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Musical Modernism in Bali and Java By McGraw, Andrew

DOI: 10.4324/9781135000356-REM584-1
Published: 09/05/2016
Retrieved: 21 May 2024, from


Musical modernism was not domesticated within Balinese or Javanese culture to the extent that it was in other parts of Asia. Although a handful of composers have engaged the specific languages of Western musical modernism, more common is a distinctly Indonesian approach, combining modernist philosophies regarding innovation and art’s role in society with developments in local musical styles. Although Western musical genres—primarily Christian liturgical and colonial military music—had slowly diffused throughout the Indonesian archipelago since the late fifteenth century, Western classical music was not widely domesticated in the Dutch East Indies colony, being primarily limited to upper-class Dutch and mestizo communities in Batavia (Jakarta), Central Java, and Surabaya (East Java). In the early twentieth century these communities overwhelmingly preferred light classical song (seriosa) to classical or modernist styles.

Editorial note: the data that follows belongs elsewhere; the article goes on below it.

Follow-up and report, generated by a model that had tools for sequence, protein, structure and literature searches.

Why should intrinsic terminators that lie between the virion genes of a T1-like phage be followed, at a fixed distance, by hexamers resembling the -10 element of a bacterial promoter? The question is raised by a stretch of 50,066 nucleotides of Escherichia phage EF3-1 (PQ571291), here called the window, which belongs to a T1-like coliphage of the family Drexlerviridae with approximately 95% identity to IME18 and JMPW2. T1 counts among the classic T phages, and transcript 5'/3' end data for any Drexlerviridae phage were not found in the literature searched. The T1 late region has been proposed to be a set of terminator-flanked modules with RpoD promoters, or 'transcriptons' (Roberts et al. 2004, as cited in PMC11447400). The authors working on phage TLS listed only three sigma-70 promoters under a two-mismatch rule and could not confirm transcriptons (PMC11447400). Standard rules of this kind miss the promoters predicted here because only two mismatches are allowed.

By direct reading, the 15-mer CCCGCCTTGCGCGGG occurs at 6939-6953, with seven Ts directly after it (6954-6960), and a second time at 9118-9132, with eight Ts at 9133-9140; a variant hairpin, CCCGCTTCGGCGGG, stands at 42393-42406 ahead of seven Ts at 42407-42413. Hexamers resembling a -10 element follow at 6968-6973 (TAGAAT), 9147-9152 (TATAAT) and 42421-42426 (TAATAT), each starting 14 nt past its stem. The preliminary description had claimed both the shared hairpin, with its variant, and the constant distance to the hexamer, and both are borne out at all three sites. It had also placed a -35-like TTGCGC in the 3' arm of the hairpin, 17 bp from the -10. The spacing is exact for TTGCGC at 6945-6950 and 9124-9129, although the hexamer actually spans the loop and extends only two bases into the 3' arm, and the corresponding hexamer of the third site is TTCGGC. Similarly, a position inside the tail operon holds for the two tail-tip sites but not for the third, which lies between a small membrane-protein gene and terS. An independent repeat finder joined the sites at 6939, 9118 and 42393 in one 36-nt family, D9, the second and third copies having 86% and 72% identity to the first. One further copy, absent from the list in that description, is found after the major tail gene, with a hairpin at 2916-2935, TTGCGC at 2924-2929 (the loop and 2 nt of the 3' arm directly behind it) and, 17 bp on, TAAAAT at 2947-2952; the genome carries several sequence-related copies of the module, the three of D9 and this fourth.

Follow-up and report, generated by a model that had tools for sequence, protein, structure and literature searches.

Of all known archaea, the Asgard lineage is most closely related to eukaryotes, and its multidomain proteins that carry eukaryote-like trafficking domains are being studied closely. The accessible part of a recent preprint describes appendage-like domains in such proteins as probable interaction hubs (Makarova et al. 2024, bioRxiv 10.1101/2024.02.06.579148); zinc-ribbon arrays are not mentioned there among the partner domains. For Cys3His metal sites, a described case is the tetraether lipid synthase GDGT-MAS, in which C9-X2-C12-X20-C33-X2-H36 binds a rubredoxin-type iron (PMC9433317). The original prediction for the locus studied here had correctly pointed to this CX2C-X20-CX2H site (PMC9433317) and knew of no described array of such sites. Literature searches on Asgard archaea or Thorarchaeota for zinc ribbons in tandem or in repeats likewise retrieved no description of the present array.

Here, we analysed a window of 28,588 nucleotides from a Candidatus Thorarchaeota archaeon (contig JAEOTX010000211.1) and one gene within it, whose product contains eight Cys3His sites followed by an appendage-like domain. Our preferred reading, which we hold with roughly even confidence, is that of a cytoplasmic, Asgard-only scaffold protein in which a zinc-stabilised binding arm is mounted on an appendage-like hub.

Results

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McGraw, Andrew. Musical Modernism in Bali and Java. Routledge Encyclopedia of Modernism, Taylor and Francis,

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